Lambeth Labour council spends "£180,000" of taxpayer money on "phoney" campaign
A South London Labour council stands accused of spending £180,000 of residents money on a campaign to petition themselves for a consultation that has already ended
More waste has been discovered in a 'safe' Labour council as yet another incident of grotesque misuse of public funds emerges from South London.
Lambeth Council, which was recently publicly chided for wasting taxpayers' money on political campaigns, has been accused of wasting nearly £200,000 as part of an exercise that critics call a political point-scoring exercise. The council however, dispute the figures.
On March 6th 2013, the London Mayor's policing consultation ended, giving way to a report to be published about the capital's latest strategy. The Lambeth update was subsequently published here.
But that didn't stop Lambeth council, which conceived of and promoted a campaign to petition for 100 new police officers for the borough, encouraging residents to return petition cards using a freepost address, the cost of which was absorbed by the taxpayer. The campaign was entitled, "100 more police".
The petition ran after the Mayor's own consultation had already closed but also asked residents to return their thoughts to Lambeth Council, rather than the Mayor of London. Local residents have argued that this has been an exercise of the council spending £180,000 to lobby itself, with no hope of any policy change.
Lambeth Green News reported: "So the cabinet member responsible for policing set up a petition asking Lambeth residents to petition er, him, to call on the Mayor. This was perhaps the first clue that the campaign was little more than political posturing and an attempt to create the illusion that Lambeth Council was doing something."
Lambeth Council has since been in touch with The Commentator, with a spokesperson insisting that the campaign in fact only cost £2,500. He said:
"The total cost of Lambeth’s campaign for 100 more police is approximately £2500 to date, not £180,000. The £180,000 figure represents the overall annual cost of Lambeth’s monthly magazine which is delivered to every household and business. This is also partially offset by advertising raised for the publication of approximately £50,000".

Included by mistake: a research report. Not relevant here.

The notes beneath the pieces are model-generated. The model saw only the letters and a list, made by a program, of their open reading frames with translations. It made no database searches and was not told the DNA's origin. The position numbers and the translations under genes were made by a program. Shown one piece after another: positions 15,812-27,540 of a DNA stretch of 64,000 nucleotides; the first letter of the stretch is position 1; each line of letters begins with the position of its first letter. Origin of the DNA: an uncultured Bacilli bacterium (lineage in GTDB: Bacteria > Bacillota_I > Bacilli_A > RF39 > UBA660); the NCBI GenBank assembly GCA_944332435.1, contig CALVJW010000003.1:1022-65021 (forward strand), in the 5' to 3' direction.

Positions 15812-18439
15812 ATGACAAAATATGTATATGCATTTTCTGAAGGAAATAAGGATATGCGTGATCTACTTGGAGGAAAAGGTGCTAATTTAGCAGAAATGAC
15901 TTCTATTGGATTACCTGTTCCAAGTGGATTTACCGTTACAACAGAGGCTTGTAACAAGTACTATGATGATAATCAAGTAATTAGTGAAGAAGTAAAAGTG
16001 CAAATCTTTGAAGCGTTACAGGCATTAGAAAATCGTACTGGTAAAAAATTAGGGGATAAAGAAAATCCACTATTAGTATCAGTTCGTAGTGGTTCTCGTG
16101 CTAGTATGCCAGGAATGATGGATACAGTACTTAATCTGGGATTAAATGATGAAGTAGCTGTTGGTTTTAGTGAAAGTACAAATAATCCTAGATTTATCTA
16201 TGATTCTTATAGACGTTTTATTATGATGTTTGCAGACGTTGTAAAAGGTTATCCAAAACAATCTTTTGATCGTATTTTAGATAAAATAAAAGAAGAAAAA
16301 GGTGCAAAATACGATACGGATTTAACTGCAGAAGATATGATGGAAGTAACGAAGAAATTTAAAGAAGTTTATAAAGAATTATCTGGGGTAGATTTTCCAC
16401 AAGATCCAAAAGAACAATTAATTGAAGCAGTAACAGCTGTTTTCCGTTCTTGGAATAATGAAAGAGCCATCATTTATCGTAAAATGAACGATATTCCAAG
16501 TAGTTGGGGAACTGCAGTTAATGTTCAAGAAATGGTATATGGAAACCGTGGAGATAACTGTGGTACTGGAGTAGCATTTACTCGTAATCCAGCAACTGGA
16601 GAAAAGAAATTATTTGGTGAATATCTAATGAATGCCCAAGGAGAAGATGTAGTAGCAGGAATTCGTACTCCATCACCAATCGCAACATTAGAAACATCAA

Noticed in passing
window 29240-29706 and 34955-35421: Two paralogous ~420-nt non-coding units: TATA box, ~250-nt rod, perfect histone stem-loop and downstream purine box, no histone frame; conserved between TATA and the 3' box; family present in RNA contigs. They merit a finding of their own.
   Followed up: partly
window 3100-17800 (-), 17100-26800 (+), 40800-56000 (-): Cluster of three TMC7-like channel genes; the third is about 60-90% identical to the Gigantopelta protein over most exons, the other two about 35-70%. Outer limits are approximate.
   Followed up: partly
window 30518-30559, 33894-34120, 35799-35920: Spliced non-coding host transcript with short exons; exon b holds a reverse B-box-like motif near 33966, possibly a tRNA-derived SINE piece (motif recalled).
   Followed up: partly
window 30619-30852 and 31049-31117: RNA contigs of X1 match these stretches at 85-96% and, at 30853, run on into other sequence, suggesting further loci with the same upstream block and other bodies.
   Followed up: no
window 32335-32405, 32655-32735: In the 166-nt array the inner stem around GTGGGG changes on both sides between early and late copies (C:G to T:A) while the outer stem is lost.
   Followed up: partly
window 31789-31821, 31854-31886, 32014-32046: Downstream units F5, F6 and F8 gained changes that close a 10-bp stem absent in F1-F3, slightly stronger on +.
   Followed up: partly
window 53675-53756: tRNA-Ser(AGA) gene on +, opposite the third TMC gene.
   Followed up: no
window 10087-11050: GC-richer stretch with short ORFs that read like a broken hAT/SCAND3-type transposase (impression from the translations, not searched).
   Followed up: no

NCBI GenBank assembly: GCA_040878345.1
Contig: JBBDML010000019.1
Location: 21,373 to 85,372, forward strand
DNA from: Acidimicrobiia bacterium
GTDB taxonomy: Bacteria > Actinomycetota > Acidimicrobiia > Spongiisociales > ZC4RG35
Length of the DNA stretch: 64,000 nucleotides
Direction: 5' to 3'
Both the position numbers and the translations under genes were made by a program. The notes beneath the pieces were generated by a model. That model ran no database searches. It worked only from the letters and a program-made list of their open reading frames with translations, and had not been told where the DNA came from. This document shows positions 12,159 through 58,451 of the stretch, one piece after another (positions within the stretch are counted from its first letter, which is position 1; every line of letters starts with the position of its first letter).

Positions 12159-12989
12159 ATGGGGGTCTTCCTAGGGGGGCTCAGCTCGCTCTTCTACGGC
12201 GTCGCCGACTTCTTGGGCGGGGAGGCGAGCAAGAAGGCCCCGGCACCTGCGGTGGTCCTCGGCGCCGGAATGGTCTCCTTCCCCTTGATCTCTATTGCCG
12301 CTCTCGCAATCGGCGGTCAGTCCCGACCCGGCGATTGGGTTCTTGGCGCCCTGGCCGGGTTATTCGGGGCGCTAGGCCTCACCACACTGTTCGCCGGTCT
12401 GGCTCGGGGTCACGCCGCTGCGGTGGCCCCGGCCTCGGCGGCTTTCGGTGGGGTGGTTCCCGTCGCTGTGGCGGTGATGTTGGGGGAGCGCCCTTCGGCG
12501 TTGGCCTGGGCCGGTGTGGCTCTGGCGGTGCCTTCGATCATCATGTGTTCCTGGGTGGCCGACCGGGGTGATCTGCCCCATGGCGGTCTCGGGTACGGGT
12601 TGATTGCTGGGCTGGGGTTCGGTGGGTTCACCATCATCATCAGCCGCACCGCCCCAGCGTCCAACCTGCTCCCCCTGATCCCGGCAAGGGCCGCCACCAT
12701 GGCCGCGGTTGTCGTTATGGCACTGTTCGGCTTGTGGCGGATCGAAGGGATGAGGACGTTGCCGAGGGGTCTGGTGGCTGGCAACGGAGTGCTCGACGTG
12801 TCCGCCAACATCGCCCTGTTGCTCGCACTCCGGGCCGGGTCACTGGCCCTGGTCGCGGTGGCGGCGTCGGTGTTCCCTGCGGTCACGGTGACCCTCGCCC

The campaign was even supported by the Labour shadow Home Secretary Yvette Cooper, who posed for pictures outside Brixton tube station.
One resident remarked on an online forum, "...even by Lambeth Labour Party's standards, this is seriously wasteful, stupid and incompetent."
The local Conservative Party noted, "Assorted Labour frontbenchers duly trekked to Brixton to have their photos taken with Cllr Lib Peck... All very well you might think. Policing is an important issue. But... did it - anywhere - tell you that the consultation ended on March 6th....? Before you even got the mailing, let alone could respond to it. In fact, the result has already been published!
"...just another Labour party exercise using our tax money to make partisan political attacks on Boris?"
Meanwhile, the council continues to insist that the government is forcing it to make, "tough decisions" over spending. £180,000 is the cost of an extra 7 police officers per year, or indeed less than the council's chief executive, Derrick Anderson earns in just one year. In 2012, Andersen pocketed £193,075 of taxpayers' money from his salary.
Lambeth Council's press contact numbers went unanswered at the time of publication, but the council has been in touch since to insist that the figures are incorrect. A breakdown of full costs has been requested.
Read more on: lib peck, 100 more police, derrick anderson, lambeth council, labour party, yvette cooper, Brixton, Police cuts, and mayor of london
- NY Democrat pleads with Republican not to share document proposing confiscation of guns
- Sunday Times blood libel cartoon, on Holocaust Memorial Day no less
- Oregon woman raped after police refuse to send out response unit
- Palestinian jailed for Facebook like
- 'Muslim Patrol' vigilantes attempt to control London streets
We are wholly dependent on the kindness of our readers for our continued work. We thank you in advance for any support you can offer.